Air-to-ground missiles: Designed to target ground installations or vehicles. The AGM-65 Maverick missile is an example, with a variety of warheads and guidance systems, such as infrared imaging for precision strikes. The Maverick has a length of around 2.5 meters, a weight of up to 300 kg, and an effective range of around 22 km.

Guided bombs: These bombs are equipped with guidance systems for enhanced precision. The GBU-12 Paveway II, a laser-guided bomb, is around 3.2 meters long and weighs around 230 kg. It is capable of hitting targets with great precision, often within a few meters of the objective.

Unguided bombs: Less precise, but still used for area targets. For example, the Mk 82, a free-fall bomb, weighs around 227 kg and is often used in combination with other systems to increase its accuracy.

Guns: Modern fighter aircraft are often equipped with guns for close combat or ground attack. The GAU-8/A Avenger cannon, mounted on the A-10 Thunderbolt II, is a notable example. This 30 mm cannon can fire up to 4,200 rounds per minute.

Defensive weapons

Flares: Include flares and chaff, used to fool enemy missile guidance systems. Flares emit intense heat to divert infrared-guided missiles.

Electronic countermeasures: These systems jam or deceive enemy radar and missile guidance systems. For example, the AN/ALQ-131 Electronic Countermeasure Pod can disrupt a range of radar frequencies, protecting the aircraft against enemy radar guidance systems.

Jamming systems: Designed to interfere with enemy radar and communications. The ALQ-99 Tactical Jamming System, for example, can jam several frequency bands, making it difficult for the enemy to detect or track the aircraft.

Physical protection: Radar-absorbing materials (RAM) are often used on fighter jets to reduce their radar signature, making the aircraft more difficult to detect.

These offensive and defensive weapons systems illustrate the complexity and technological sophistication of modern fighter aircraft, enabling a variety of tactical and strategic missions in diverse combat environments.

What is the armament of a fighter plane?

Advanced weapons systems and technologies

Precision-guided weapons

Precision-guided weapons have revolutionized the offensive capabilities of fighter aircraft, enabling precise strikes with reduced collateral damage.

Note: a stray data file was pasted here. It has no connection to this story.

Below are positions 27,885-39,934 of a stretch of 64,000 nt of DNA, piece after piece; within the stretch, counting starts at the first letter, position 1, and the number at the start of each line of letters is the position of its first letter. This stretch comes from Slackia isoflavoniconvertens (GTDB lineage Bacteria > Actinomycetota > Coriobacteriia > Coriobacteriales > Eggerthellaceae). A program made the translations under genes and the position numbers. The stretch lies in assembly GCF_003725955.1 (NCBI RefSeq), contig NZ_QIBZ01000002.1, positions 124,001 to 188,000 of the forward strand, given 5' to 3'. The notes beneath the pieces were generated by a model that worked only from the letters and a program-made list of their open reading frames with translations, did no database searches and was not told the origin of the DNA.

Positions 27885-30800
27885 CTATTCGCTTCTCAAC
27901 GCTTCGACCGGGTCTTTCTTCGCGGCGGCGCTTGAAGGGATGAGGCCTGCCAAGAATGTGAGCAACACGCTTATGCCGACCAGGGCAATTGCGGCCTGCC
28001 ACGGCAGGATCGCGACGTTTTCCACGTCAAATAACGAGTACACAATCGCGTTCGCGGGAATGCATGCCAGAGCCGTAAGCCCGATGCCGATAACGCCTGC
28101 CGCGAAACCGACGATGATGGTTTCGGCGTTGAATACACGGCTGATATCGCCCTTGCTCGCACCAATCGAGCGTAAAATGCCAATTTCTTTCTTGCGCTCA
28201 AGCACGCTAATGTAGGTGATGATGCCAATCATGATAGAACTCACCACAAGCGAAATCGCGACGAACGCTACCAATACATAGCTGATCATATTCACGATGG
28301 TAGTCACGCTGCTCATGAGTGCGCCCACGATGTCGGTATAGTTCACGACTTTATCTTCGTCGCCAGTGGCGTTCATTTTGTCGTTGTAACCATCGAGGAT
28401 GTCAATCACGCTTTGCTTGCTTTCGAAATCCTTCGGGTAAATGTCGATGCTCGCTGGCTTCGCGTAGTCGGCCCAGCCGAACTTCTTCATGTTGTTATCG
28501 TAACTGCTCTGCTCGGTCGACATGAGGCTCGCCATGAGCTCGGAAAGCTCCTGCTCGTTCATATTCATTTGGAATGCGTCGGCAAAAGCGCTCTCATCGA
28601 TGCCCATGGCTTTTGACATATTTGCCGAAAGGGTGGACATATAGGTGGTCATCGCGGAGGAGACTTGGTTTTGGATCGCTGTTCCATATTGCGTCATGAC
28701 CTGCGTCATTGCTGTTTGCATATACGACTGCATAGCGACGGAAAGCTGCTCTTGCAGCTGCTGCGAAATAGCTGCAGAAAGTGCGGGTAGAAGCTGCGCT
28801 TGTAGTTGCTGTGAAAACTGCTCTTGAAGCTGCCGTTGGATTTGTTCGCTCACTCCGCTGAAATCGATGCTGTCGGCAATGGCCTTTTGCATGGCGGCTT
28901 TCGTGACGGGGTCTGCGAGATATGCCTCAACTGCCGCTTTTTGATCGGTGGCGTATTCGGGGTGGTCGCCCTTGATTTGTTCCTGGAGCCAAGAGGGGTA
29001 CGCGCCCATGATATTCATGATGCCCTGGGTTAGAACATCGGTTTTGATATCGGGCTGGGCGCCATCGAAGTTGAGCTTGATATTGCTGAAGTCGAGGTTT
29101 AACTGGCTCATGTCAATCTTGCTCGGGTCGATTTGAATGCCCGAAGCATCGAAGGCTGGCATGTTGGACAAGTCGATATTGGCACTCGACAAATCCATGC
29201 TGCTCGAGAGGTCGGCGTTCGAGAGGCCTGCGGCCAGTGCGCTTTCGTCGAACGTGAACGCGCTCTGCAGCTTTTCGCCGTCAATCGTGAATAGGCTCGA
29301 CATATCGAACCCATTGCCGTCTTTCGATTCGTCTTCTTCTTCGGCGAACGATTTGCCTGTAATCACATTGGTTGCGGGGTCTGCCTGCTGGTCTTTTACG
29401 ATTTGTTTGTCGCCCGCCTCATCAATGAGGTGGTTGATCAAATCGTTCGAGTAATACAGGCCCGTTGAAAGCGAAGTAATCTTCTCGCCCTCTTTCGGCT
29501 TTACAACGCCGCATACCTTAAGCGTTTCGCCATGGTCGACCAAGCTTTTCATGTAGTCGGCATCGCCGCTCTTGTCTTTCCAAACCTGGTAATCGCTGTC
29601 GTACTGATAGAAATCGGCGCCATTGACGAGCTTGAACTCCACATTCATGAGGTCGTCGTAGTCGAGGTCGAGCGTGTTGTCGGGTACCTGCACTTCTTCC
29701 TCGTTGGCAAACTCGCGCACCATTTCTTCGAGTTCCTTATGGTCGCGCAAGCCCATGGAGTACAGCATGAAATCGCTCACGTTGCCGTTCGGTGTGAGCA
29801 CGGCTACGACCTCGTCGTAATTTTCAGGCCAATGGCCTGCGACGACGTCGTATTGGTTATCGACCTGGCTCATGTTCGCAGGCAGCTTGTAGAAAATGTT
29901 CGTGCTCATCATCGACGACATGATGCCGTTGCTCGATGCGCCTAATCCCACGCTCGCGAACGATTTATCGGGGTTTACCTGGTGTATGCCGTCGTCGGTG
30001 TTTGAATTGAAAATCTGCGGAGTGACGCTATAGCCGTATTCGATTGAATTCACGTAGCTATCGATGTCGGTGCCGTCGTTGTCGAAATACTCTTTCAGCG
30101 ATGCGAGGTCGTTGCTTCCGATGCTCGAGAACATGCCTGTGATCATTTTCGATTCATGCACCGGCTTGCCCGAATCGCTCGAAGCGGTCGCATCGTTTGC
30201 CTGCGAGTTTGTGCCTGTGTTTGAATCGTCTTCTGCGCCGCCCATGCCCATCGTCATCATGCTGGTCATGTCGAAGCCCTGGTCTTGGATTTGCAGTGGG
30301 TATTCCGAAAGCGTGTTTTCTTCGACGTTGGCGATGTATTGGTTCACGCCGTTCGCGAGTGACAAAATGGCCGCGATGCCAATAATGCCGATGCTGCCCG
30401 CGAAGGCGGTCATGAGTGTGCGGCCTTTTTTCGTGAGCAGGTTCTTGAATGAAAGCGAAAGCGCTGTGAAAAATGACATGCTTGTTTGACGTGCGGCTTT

Precision-guided missiles: The AGM-114 Hellfire missile, often used on aircraft and UAVs, is one example. This air-to-ground missile is 1.6 meters long, 0.18 meters in diameter, and weighs around 45 kg. It uses semi-active laser guidance, enabling precise strikes at a maximum distance of 8 km.

Guided bombs: Another example is the GBU-39 Small Diameter Bomb (SDB). Measuring 1.8 meters in length and weighing 129 kg, it uses a GPS guidance system to hit targets with pinpoint accuracy from a distance of over 70 km.

Integrated and automated weapons systems

Integrated and automated weapons systems enhance the efficiency and responsiveness of fighter aircraft, particularly in complex combat environments.

Advanced targeting systems: Aircraft like the F-35 Lightning II are equipped with integrated targeting systems that combine radar, visual recognition and electronic data to identify and track targets. The F-35’s Electro-Optical Targeting System (EOTS) enables precise detection without compromising the aircraft’s stealth.

Weapons automation: Some weapons systems are capable of automatically engaging targets according to predefined parameters, reducing reaction time and increasing combat effectiveness.

Examples of advanced fighter aircraft and their equipment

F-22 Raptor: This American fighter is an example of cutting-edge technology. It is around 18.9 meters long, with a 13.6-meter wingspan, and can reach speeds in excess of Mach 2. It is equipped with AIM-120 AMRAAM and AIM-9 Sidewinder air-to-air missiles, as well as a 20-mm M61A2 Vulcan internal cannon.

Sukhoi Su-57: Russia’s fifth-generation fighter, the Su-57 combines stealth, supersonic speed and advanced weaponry. It is 19.8 meters long and has a wingspan of 14.1 meters. Its weapons include air-to-air missiles, air-to-ground missiles and a 30 mm cannon.

Eurofighter Typhoon: This European multi-role aircraft, with a length of 15.96 meters and a wingspan of 10.95 meters, is capable of Mach 2. It is armed with air-to-air missiles such as the AIM-120 AMRAAM, Paveway guided bombs, and a 27 mm internal cannon.

These advanced technologies and weapons systems demonstrate how modern fighter aircraft are equipped for a wide variety of missions, with enhanced capability for precise and effective operations in diverse combat environments.